Belle and Sebastian really step out of the box musically on jumpy, catchy biographical tracks like “Sukie In The Graveyard” and the bright but oddly atmospheric “Song For Sunshine”, both of which shine on this work. The last few tracks on this album really capture the magic, turning the foreboding elements into optimism on the hopeful “To Be Myself Completely,” which sounds oddly like some of R.E.M.’s poppier work. First single “Funny Little Frog” seems bright as well, a silly love song demonstrating a similar reliance on piano. It doesn’t get any more carefree or fun for Belle and Sebastian than on the resolving “For The Price of a Cup of Tea”, a cheery, nonchalant ditty that assures us that everything is going to be fine.

The Life Pursuit builds in an intersting manner, as it begins questioning life with uncertaintly and seemingly becomes more optimistic towards its conclusion. This is certainly an album that tells a story, the writers of which undeniably understood the importance of ordering the tracks. Having stated that, Belle and Sebastian throw us another loop. Instead of finishing the album on an up note as its progression would indicate, The Life Pursuit follows the previously mentioned track, which would have been a great closer in its own right, with the attractive but bittersweet and uncertain “Mornington Crescent.” Perhaps this is an even better ending, as the band demonstrates that even a life filled with thoughtfulness and cheer can never be without uncertainty.

#2: The Decemberists/ The Crane Wife

Colin Meloy has already established himself as one of America’s best pure up-and-coming songwriters in the company of Sufjan Stevens, Devendra Banhart and Badly Drawn Boy. On this, their fourth album, The Decemberists step up to the big leagues, popping out of the indie rock doldrums and signing with prestigious Capitol Records. How would the music adjust fans wonder? Thankfully, Meloy and company used this promotion as an excuse to upgrade not only their salaries but their musical and lyrical determination as well. This is easily their best album to date, and I say that having loved last year’s Picaresque (8.7) like it was family.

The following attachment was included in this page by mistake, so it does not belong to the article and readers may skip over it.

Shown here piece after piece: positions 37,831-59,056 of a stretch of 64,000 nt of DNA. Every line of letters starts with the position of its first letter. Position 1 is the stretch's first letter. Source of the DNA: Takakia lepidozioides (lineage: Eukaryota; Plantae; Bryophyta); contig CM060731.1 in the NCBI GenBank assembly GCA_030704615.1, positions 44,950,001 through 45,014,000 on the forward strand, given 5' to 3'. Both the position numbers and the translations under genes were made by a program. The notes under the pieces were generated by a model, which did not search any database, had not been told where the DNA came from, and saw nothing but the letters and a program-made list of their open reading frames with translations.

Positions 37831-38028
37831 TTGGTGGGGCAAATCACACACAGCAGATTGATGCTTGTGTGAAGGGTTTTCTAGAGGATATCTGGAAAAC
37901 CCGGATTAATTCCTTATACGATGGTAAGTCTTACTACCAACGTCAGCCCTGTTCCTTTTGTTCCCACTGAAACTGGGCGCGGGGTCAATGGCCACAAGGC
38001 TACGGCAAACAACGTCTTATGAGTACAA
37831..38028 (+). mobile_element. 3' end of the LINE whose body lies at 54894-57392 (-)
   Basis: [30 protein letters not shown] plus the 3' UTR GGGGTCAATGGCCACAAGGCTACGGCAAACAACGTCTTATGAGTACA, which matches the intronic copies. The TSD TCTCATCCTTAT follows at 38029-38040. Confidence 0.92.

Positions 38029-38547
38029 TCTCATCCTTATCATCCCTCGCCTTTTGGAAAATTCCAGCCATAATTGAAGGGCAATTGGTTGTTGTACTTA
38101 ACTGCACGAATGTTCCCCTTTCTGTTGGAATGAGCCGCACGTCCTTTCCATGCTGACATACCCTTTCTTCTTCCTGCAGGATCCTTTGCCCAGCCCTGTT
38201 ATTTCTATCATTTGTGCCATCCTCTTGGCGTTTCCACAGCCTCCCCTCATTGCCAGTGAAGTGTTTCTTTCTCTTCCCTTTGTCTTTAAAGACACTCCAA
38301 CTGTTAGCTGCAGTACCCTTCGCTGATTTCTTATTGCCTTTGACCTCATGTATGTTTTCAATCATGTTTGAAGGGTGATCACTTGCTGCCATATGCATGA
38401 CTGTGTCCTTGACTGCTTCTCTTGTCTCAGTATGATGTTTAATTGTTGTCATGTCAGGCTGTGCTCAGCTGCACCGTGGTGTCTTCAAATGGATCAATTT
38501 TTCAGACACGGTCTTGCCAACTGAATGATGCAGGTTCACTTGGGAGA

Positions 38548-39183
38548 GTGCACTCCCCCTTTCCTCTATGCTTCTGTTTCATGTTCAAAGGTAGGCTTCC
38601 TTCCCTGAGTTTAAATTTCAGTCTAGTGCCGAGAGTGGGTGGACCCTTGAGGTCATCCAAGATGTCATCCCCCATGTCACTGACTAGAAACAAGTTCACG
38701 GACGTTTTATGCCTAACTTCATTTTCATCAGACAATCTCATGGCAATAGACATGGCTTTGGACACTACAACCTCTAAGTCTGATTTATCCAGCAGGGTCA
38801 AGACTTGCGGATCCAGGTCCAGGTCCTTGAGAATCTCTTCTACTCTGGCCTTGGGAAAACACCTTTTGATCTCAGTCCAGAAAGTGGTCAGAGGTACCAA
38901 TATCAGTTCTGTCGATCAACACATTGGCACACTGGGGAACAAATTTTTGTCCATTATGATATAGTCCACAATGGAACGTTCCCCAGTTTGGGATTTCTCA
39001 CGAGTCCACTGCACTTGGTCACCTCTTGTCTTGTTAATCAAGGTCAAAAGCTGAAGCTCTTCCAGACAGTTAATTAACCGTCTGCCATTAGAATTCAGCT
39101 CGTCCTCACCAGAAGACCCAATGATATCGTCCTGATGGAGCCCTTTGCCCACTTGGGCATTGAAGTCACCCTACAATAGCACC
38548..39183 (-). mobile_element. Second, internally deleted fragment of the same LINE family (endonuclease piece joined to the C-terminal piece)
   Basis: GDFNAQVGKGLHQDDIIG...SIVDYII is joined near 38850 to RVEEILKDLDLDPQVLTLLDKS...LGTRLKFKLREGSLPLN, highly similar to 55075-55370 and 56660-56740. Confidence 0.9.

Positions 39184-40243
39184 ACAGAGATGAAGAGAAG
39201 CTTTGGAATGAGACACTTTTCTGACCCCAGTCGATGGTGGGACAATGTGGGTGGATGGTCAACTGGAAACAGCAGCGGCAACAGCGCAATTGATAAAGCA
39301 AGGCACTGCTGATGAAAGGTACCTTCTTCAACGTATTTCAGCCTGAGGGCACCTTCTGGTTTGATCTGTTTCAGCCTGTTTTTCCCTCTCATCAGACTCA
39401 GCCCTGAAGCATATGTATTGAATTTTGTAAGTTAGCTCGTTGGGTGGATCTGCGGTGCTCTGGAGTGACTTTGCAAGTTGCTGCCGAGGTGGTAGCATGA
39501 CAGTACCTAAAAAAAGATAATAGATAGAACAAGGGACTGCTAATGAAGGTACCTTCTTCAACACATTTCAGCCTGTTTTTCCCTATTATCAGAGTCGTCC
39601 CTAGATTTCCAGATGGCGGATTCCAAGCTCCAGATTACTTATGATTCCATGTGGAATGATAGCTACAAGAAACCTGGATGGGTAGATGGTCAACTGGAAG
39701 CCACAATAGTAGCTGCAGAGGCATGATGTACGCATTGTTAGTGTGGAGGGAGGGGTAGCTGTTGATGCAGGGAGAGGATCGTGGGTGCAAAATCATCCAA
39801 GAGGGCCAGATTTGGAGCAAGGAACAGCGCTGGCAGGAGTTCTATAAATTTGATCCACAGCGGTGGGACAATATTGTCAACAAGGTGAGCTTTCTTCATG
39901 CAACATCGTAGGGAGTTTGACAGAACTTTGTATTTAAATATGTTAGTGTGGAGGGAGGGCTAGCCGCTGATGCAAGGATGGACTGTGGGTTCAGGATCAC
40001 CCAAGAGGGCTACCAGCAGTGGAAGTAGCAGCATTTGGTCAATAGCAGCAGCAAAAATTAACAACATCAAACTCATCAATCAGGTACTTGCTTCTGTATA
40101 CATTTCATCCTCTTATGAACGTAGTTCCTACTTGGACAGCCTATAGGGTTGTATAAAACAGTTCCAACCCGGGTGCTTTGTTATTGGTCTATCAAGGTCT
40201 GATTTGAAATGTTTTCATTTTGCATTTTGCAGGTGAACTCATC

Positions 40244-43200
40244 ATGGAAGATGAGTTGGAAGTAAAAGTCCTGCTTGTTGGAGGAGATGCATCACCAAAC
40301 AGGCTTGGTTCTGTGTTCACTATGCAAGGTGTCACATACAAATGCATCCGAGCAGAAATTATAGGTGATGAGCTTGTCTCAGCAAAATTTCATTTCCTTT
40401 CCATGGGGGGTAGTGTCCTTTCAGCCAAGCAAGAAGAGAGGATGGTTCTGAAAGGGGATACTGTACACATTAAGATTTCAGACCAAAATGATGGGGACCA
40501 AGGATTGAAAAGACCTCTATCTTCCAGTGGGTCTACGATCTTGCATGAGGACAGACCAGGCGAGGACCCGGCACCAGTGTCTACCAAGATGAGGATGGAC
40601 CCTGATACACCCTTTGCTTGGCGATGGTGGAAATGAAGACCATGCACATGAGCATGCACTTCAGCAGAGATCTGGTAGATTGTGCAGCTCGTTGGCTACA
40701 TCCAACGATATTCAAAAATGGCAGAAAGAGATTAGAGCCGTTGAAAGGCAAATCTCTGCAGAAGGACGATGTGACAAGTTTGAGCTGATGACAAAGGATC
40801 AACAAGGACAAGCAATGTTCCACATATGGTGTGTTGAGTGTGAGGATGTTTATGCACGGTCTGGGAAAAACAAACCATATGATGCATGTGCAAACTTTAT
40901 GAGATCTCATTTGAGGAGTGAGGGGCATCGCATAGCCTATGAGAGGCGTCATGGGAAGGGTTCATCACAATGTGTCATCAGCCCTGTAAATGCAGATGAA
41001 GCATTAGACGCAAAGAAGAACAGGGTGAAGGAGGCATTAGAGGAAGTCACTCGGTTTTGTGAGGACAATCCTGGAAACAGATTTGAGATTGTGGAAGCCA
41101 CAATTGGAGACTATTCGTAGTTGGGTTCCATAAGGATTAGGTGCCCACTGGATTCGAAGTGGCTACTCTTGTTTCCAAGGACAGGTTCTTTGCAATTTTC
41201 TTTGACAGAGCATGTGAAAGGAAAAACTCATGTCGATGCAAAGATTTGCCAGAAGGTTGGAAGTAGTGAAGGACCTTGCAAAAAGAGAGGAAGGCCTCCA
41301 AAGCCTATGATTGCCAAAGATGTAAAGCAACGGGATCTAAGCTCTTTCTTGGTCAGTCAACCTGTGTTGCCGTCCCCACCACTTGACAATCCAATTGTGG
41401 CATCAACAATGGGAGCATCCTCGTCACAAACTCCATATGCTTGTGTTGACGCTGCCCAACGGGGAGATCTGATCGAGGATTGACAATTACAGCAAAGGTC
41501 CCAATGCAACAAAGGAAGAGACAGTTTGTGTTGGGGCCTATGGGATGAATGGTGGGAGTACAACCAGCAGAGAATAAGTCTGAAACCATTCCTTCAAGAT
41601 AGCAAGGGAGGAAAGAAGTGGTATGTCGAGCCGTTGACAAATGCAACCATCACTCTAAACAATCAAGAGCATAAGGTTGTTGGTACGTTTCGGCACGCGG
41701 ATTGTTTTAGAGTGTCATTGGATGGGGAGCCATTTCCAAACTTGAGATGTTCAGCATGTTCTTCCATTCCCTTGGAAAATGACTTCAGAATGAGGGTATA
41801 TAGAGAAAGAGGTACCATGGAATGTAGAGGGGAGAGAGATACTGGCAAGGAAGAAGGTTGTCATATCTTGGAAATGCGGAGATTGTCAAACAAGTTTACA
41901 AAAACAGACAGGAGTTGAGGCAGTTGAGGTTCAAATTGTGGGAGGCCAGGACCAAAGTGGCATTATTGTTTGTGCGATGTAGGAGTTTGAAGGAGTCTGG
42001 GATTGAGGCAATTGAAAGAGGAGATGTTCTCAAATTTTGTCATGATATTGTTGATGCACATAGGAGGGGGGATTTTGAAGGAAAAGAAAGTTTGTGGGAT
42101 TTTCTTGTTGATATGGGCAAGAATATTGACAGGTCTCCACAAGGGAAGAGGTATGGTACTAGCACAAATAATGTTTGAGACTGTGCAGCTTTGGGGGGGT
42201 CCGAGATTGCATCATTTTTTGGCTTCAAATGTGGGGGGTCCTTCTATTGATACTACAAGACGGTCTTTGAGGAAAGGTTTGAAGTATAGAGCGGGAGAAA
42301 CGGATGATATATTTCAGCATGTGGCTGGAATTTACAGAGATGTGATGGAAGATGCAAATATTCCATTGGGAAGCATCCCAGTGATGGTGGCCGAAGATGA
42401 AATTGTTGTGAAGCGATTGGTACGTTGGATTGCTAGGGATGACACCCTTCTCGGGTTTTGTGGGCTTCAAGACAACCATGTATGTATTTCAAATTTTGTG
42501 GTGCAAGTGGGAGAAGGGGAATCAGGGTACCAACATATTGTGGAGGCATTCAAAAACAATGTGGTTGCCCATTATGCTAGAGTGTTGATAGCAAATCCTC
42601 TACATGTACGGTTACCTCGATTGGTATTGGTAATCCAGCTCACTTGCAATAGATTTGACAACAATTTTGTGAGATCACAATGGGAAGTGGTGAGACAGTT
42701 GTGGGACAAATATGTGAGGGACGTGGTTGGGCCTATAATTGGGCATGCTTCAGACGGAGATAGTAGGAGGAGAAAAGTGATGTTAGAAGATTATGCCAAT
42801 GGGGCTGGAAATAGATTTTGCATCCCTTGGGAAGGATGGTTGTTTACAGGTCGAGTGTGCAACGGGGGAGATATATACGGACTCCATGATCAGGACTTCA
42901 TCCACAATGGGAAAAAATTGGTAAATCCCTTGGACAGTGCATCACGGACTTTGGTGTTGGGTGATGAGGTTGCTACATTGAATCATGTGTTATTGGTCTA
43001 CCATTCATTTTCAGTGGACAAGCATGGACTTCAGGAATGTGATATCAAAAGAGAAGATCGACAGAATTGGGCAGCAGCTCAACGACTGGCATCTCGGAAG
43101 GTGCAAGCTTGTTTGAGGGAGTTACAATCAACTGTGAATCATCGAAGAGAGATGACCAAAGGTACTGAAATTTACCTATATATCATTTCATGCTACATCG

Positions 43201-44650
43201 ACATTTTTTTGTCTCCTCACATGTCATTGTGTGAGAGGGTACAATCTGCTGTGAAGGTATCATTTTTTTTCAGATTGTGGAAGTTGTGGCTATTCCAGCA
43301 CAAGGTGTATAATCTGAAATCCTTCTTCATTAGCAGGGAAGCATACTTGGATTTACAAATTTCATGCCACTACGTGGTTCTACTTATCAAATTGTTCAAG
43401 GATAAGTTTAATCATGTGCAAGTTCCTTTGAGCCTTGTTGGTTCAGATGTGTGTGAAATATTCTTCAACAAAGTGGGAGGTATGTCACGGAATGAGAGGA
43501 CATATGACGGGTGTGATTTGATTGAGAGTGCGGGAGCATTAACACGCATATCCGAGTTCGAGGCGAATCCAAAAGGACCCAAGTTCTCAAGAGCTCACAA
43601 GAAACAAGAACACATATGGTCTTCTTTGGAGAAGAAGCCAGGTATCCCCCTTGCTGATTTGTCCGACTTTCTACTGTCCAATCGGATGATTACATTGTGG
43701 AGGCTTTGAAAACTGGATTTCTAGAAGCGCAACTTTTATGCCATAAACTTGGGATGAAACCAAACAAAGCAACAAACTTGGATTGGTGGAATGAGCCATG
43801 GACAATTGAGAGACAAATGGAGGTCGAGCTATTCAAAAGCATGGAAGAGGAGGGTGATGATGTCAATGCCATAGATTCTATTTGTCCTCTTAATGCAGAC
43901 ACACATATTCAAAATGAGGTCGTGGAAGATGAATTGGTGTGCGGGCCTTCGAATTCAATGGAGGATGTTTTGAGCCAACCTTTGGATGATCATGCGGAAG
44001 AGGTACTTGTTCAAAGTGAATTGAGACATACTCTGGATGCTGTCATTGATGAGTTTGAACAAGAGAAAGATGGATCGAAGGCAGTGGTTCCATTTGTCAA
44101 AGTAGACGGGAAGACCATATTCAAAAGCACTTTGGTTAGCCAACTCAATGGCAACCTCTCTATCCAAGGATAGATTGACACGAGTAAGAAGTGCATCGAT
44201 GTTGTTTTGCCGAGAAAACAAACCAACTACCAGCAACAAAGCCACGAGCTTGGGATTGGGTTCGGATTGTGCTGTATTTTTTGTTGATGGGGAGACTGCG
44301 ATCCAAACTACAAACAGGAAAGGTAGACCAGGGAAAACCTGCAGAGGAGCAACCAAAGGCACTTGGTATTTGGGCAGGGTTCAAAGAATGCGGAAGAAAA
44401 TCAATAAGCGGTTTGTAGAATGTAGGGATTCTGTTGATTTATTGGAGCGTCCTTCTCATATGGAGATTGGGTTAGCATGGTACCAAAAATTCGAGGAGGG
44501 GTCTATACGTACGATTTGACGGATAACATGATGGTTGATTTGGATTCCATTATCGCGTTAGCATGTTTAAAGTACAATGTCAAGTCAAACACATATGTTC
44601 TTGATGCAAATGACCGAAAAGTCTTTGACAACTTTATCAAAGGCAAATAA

There is an element of tightness to this album in regards to the way in which it is wound. The Decemberists don’t forgo their psychedelic folk-rock backbone on this effort, but rather use it as layering for musical experimentation and expansion. The 12-minute second track “The Island” is actually three songs blended with perfect regard for tone. Beginning with the foreboding “Come and See”, the epic evolves into the more upbeat yet terrifying “The Landlord’s Daughter”, an intense rape tale with electronic keyboards and Meloy wailing. The climax of this song is absolutely possessive. Wow. After going through that, the track cools off into sad acoustic guitar ballad “You’ll Not Feel the Drowning”, as Meloy pleads, “Go to sleep now, little ugly/ Go to sleep now, little fool.” I’m pretty convinced that as 12-minute folk-rock tracks go, this one couldn’t be any more perfect.

Innovation doesn’t stop after the epic, as standout ”The Perfect Crime #2″ exhbits upbeat bluesey notes that work incredibly well as the band enters completely new territory musically and Meloy sings of thievery and murder. Tales of war aren’t exactly new territory for The Decemberists, but this time around they dive deeper and more specifically into their story-telling and musical choices. The slowly progressing, softly pounding “When The War Came” would play perfectly over a field of wounded and dead bodies from the front line, as Meloy professes “When the war came, the war came hard.” With almost Led Zepplin-esque characteristics and unprecedented darkness, this track rolls on into completely new musically territory as Meloy moans “With all the grain of Babylon!” into the finish. Scary stuff. Cool.

War tales aren’t isolated to this track, however. In possibly the greatest song they have ever written, the Decemberists really rock on “Yankee Bayonet”, as Meloy and guest singer Laura Veirs rotate verses as a pregnant wife and a probably dead civil war soldier/ husband. The track is absolutely incredible musically, lyrically and emotionally, and is probably the best single song of 2006. Even the familiar sounding tracks, such as opener “The Crane Wife 3″ and the amazing “Summersong” soar on this effort. “O Valenica” has a tough act to follow after “Yankee Bayonet”, but provides familiar lyrics in regard to tragic love.

The slowly building “The Crane Wife 1 and 2″ works as another epic, layered with more electronic keyboards before moving into its softer, beautiful and apologetic second part. The anthemic, optimistic ”Sons and Daughters” is perfectly placed as the closer, sounding off with Meloy singing the inexplicably warm lyrics, “We’ll build our homes of aluminum/ We’ll fill our mouths with cinnamon/ Here all the bombs fade away.”